'Wish we had another lifetime' to serve, missionary retirees say

RICHMOND, Va. (BP)--"It was as if they were waiting for us."

That's how Southern Baptist missionaries Paul and Faye Burkwall felt about the Gospel-hungry people they served during their closing years in Africa.

After working for 30 years in West Africa, the Burkwalls spent their last five years of service among northern Ghana's Fulani people. When they arrived, there were no believers. Today, God has raised more churches among the Fulani than the missionary couple ever could have imagined.

"With millions of Fulani yet to be witnessed to, we only wish we had another lifetime of service to give," they said.

The Burkwalls joined 60 retiring Southern Baptist missionaries -- representing 1,663 combined years of work -- honored during services May 2 and 4 at the International Mission Board's Richmond, Va., home office and the Missionary Learning Center in nearby Rockville.

"The people that you have served thank God for you because you brought life to them," Avery Willis, IMB senior vice president of overseas operations, told the emeritus missionaries. "From all around the world we have these echoes of that message that you both spoke and lived. Thank you so much for being faithful to our Lord and giving a good witness to the peoples of the world."

The decades during which these missionaries served have seen unprecedented growth, said IMB President Jerry Rankin. Not long ago, IMB workers rejoiced when they saw baptisms and churches planted overseas grow by just a few percentage points each year. Now, Southern Baptists are celebrating double-digit percentage increases in baptisms -- and, in 2002, a 40 percent jump in new churches.

The task has not been easy, he emphasized. Some of the retiring missionaries lost spouses to early deaths. Others served in the midst of age-old conflicts in the Middle East. Some faced challenges from difficult ministries or debilitating illness. But through it all, God helped them serve faithfully.

"Your testimony is not what you have done, but God working through you," said Rankin.

Ray Register worked with his wife, Rose Mary, in Israel. Like the biblical wedding feast at Cana, "God saved the best wine for last for us," he said. After more than three decades of slow progress, Register received a phone call from a young Muslim man. The young man trusted Christ and became a bold witness as Register discipled him.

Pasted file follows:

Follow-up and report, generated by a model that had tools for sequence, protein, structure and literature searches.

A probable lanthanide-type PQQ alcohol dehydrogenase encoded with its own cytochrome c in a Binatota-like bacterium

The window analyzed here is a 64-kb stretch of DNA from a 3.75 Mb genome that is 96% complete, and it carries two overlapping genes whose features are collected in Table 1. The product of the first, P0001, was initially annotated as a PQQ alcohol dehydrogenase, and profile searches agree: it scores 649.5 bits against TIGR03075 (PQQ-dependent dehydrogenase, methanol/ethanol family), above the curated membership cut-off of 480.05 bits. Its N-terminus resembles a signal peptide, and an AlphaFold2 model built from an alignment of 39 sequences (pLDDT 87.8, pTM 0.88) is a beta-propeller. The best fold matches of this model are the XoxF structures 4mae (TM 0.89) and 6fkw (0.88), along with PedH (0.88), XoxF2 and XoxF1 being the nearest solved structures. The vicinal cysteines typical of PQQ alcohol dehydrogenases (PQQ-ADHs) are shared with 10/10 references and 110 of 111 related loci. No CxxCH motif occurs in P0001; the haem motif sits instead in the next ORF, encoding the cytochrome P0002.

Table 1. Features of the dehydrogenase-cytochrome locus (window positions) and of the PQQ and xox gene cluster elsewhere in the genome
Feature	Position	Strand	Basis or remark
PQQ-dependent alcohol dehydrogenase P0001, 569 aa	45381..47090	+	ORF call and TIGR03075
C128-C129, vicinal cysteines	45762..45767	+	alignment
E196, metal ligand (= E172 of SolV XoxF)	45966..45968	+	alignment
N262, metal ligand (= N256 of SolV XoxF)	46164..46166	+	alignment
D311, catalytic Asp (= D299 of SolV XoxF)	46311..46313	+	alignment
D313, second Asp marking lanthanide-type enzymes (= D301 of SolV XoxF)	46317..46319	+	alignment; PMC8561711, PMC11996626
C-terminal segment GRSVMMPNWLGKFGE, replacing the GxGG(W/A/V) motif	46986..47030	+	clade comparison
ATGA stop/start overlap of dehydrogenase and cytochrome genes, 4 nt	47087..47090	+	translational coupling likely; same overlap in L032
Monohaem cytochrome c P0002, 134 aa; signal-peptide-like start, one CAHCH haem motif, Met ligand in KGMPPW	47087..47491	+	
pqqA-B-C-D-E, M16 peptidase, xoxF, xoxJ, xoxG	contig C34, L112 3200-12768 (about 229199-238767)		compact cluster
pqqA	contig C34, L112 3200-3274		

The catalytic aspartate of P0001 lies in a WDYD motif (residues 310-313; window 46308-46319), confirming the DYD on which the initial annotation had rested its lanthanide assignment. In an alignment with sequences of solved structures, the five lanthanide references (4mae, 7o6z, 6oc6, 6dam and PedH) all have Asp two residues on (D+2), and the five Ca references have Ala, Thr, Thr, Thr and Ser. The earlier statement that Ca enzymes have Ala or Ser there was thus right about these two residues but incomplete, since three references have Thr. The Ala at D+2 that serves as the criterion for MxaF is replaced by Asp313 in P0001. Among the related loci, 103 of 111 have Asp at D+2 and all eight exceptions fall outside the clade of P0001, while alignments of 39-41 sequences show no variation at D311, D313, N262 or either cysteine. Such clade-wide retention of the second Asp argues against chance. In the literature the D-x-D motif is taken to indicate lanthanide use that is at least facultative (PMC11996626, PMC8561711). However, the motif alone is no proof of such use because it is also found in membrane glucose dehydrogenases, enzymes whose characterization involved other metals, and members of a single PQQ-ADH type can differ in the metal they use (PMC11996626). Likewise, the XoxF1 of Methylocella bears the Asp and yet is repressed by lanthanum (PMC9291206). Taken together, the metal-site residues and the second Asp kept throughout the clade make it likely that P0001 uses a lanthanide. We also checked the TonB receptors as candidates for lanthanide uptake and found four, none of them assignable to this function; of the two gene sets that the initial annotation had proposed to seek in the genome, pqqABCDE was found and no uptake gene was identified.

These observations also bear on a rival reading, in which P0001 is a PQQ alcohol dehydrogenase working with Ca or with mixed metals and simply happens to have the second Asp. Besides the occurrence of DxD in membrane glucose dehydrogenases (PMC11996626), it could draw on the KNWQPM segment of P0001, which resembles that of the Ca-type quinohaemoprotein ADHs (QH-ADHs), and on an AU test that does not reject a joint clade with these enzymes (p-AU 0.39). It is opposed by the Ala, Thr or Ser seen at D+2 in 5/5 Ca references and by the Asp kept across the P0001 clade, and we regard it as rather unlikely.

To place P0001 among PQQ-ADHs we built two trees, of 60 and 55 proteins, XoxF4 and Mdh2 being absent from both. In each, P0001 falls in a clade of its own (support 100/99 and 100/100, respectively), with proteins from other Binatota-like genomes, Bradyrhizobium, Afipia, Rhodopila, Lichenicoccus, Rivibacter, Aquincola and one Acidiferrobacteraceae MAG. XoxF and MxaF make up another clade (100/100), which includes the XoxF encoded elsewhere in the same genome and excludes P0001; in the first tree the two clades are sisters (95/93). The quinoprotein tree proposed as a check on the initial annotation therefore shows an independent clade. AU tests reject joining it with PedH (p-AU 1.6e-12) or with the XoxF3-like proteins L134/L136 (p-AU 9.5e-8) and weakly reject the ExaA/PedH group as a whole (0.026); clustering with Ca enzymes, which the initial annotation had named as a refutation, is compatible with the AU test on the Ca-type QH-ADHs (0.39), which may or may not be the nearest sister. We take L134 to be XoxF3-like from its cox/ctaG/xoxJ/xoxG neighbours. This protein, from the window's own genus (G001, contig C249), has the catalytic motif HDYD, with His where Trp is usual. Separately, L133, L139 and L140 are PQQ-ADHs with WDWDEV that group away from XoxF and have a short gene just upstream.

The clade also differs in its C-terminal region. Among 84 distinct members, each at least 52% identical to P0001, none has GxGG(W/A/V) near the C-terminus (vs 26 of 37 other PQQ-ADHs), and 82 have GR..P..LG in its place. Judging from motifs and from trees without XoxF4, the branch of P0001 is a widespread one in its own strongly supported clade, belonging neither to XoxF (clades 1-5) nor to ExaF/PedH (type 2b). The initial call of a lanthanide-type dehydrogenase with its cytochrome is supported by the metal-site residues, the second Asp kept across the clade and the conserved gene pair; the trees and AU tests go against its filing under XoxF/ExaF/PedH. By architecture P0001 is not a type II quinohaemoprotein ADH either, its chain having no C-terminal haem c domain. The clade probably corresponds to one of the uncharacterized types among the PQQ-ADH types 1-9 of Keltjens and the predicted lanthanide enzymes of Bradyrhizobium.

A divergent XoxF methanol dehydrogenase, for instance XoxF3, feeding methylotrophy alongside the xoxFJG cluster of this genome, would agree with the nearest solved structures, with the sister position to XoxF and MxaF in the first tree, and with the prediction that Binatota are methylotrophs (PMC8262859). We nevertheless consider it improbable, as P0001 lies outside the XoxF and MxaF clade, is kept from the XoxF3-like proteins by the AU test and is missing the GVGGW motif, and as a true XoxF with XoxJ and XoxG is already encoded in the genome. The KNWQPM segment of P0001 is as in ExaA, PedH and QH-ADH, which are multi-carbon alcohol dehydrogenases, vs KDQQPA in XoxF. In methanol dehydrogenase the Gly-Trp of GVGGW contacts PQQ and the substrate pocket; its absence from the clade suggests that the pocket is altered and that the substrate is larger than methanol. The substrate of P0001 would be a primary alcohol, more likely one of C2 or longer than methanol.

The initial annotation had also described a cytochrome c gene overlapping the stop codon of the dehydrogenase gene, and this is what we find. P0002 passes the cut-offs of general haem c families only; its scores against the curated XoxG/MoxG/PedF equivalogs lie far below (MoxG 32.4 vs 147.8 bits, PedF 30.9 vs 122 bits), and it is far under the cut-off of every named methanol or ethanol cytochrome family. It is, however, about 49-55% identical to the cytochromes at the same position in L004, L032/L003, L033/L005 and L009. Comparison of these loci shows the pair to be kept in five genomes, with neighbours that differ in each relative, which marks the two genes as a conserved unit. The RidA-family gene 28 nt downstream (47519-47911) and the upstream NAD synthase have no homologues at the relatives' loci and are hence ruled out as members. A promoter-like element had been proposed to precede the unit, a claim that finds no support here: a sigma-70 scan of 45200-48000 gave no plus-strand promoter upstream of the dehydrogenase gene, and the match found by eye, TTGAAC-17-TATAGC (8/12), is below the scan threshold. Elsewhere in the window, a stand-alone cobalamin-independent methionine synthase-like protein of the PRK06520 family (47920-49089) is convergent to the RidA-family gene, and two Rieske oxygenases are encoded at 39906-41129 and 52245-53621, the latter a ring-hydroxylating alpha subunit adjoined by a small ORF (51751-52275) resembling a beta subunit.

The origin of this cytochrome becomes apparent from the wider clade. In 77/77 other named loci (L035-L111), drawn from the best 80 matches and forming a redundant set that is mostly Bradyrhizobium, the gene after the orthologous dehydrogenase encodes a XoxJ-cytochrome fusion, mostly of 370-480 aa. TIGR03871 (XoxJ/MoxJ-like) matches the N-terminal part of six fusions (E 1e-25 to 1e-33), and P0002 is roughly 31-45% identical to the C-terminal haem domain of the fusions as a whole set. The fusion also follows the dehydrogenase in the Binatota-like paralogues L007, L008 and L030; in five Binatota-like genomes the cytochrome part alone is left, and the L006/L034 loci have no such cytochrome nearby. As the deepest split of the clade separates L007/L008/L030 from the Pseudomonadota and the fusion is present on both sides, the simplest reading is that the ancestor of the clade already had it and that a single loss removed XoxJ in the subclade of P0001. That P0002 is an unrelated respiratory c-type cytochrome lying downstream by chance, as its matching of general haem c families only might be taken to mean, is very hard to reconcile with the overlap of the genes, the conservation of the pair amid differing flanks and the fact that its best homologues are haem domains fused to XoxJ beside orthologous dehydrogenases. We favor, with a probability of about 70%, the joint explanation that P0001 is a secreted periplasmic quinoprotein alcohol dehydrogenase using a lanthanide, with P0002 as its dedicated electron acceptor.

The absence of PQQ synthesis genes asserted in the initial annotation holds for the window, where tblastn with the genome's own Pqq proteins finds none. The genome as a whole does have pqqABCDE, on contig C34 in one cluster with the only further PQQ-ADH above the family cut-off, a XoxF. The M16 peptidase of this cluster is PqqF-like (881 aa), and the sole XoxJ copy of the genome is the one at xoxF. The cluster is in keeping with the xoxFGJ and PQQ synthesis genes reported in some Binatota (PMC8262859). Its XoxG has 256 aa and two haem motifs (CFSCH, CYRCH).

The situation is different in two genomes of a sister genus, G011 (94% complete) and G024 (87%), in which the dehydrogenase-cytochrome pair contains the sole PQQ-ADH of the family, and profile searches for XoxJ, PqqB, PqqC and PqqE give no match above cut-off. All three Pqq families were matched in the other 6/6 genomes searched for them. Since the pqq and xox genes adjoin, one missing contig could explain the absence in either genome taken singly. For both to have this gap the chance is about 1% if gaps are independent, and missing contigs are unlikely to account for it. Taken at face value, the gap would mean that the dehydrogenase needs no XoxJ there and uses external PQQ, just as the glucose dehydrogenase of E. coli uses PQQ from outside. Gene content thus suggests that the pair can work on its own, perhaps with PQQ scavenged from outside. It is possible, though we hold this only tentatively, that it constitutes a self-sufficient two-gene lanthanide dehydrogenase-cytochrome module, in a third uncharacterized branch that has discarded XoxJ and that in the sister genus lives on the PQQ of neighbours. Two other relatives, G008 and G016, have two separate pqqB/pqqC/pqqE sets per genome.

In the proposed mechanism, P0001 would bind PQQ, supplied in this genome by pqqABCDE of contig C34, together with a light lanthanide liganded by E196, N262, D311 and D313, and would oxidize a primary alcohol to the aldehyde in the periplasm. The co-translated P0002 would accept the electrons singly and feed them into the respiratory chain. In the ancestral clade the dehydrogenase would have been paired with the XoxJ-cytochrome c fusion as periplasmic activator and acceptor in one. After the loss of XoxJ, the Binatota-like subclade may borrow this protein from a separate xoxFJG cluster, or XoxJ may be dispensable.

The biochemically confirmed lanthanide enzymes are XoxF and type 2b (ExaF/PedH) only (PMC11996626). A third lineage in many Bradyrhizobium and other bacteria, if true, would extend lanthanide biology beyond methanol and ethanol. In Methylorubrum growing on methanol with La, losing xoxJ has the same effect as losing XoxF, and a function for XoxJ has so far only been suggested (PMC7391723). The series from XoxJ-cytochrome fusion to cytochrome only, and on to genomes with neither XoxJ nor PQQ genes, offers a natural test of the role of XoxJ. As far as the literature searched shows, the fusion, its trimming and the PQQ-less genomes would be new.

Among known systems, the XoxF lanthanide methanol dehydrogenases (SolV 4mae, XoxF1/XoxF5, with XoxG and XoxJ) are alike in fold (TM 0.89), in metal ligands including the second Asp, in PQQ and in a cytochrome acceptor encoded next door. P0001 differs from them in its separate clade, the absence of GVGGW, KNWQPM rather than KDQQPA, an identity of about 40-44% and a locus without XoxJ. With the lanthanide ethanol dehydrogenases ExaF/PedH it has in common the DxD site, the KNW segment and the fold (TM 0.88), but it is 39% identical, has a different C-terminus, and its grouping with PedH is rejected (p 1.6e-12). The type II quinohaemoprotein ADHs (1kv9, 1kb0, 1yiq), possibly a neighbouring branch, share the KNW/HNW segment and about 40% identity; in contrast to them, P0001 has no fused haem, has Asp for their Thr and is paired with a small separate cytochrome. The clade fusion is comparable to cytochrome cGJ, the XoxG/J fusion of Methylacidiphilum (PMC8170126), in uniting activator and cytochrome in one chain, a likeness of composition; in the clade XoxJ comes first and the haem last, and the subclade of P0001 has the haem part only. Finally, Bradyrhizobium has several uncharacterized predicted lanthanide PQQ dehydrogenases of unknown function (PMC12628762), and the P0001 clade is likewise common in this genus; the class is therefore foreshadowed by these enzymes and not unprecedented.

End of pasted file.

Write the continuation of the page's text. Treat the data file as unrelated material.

"In spite of ongoing persecution and numerous close calls with death, this man and his family and friends have brought a hundredfold harvest of Muslims into the Kingdom," Register said. "It is a new day in the Middle East, with Muslims turning to Christ in numbers we could not have imagined when we left all for Him."

And to a new generation of missionaries, Register said: "Stay long enough to let Him do it."

Hazel Barron, who served almost 36 years with her husband, Tom, in Asia, told the IMB staff about her "astonished gratitude" that God had chosen and called her to missionary service.

She told of lives changed during their ministry in Asia: a western Nepali woman who teaches God's Word to illiterate Hindus; a persecuted Indonesian woman who won her husband to the Lord through her patient witness; and an eastern Nepali pastor sustained by God when he was imprisoned for teaching the Bible to Hindus.

"They're the treasure God gave me, the glow that warms me, the instruments that teach me faith and obedience," she said.

Though the "official" careers of these missionaries have ended, they trust God will continue to use them to reach all peoples.

"We are deeply grateful to Southern Baptists for their prayer and financial support throughout the years," said Ted and Mary Stanton, who served for 27 years in Middle America. "Together we must be faithful in helping to reach every nation, tribe people and language, because that's God's vision. Let's get on with it!"


(BP) photos posted in the BP Photo Library at http://www.bpnews.net. Photo titles: CATCHING UP, FOLLOWING GOD and WORK SHIRT.

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